Wednesday, January 9, 2019

Torah Im Derech Eretz in Chabad

Respect for the dignity of humankind and compassion for gentiles by the 7th Lubavitcher Rebbe and a Lubavitcher Chossid.

The Backstory of the Chassidim Who Got Criminal Justice Reform Done

Inspired by the Lubavitcher Rebbe, a group saw prison reform through from proposal to law

"The U.S. Senate’s overwhelming 87-12 approval last week of the First Step Act, the most sweeping package of criminal justice reform in a generation, was lauded by those on the right and the left as a much-needed step in the right direction for the U.S. criminal justice system. The bill will expand early transfer to home confinement via participation in job training and re-entry programming designed to reduce recidivism; modify some mandatory sentencing laws; and ensure that the incarcerated stay more closely connected to their families by placing them within 500 miles of their homes, among other steps."

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Key quote:

“If a person is being held in prison, the goal should not be punishment but rather to give him the chance to reflect on the undesirable actions for which he was incarcerated,” the Rebbe said in Yiddish in a 1976 talk. “He should be given the opportunity to earn, improve himself and prepare for his release when he will commence an honest, peaceful, new life, having used his days in prison toward this end.

“In order for this be a reality a prisoner must be allowed to maintain a sense that he is created in the image of God; he is a human being who can be a reflection of Godliness in this world. But when a prisoner is denied this sense and feels subjugated and controlled; never allowed to raise up his head, then the prison system not only fails at its purpose, it creates in him a greater criminal than there was before. One of the goals of the prison system is to help Jewish inmates and non-Jewish inmates ... to raise up their spirits and to encourage them, providing the sense, to the degree possible, that they are just as human as those that are free; just as human as the prison guards. In this way they can be empowered to improve themselves ... ”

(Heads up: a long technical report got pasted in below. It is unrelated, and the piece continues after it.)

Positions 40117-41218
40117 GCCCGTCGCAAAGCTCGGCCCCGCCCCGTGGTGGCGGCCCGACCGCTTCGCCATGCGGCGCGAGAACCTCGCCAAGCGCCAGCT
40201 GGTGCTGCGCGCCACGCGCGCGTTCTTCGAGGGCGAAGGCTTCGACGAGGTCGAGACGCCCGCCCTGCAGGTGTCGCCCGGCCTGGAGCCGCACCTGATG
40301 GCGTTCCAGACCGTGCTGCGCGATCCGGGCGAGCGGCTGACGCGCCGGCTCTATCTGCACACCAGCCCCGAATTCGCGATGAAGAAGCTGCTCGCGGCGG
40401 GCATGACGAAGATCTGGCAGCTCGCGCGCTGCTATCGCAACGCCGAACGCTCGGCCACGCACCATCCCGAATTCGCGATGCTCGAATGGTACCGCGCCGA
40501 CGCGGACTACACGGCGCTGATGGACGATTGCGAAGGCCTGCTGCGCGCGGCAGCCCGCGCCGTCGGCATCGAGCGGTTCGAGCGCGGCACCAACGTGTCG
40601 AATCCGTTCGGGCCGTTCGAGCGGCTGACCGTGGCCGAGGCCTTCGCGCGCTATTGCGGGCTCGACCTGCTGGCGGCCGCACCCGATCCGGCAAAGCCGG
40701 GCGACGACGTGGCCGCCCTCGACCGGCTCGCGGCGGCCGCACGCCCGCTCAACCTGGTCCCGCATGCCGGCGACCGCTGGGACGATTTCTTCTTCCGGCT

1. Why do you think it is "compassion for gentiles"? My guess is that their concern is mostly for Jewish prisoners. Of course it benefits gentiles as well, but I don't think it is their motivation.

    1. "One of the goals of the prison system is to help Jewish inmates and non-Jewish inmates ... to raise up their spirits and to encourage them, "

    2. The context of the speech of the Lubavitcher Rebbe would be interesting. I'm not sure what to make of it, given other highly problematic attitudes in Chabad about gentiles.

      Regarding the current campaign I do not believe that it would have taken place if there were no Jewish prisoners.

    3. What do you mean? The Tanya has some strong statements that I personally have struggled with. But it's talking on a kabbalistic level. Chaim Miller in his book the Practical Tanya lists a bunch of references that supposedly try to deal with that - chapter one. I never looked them up. I think the Tanya (and Kabbalah) in general is talking in a super idealistic sense. The purpose of life is attaching to Hashem. Anything else is evil. It means evil in that way, not in the serial killer way. How can you be in this world and not be filled with love of Hashem and want anything other than service to Him. Gentiles don't do that really. Not sure how many Jews do it anymore either. How many true Bnei Noach are there? 100? 500? Anyway, the Rebbe took a practical 20th century approach and there are all kinds of stories of him working with gentiles and helping them in crown heights. Congresswoman Shirley Chisolm says he encouraged her to do something with surplus food and that lead to her landmark bill to expand the foodstamp program. Could be the Rebbe was influenced by German Orthodoxy and Hirsch during his time in Berlin like R' Soloveitchik appeared to be.

    4. Also see this post:

  2. Yes, I was referring to the Tanya.

    Actually, I'm not so sure if gentiles overall are doing a worse job keeping the sheva mitzvos bnei noach than jews overall are doing in keeping all 613.

    What are your criteria for "true Bnei Noach"? I know one person who regards himself as such, and another whom I've never asked, but who might as well do so. And the big question is whether they have to keep the mitzvos because G'd gave them to Noach/repeated them in the Torah, or whether it suffices that they keep them. There are quite a lot of monotheists who keep them.

    1. It's for the Lord to judge. But the Rambam says a ben noach must do it because Hashem commanded it through Moses. That knocks out many people. Also can't add in other religions like Xianity. That knocks out a billion or so. But I'm not well versed in the topic of what makes a ben noach so I won't get into it. the main point is that when the Tanya talks about evil it doesn't mean serial killer. It means anything not focused on Hashem. It's a high standard.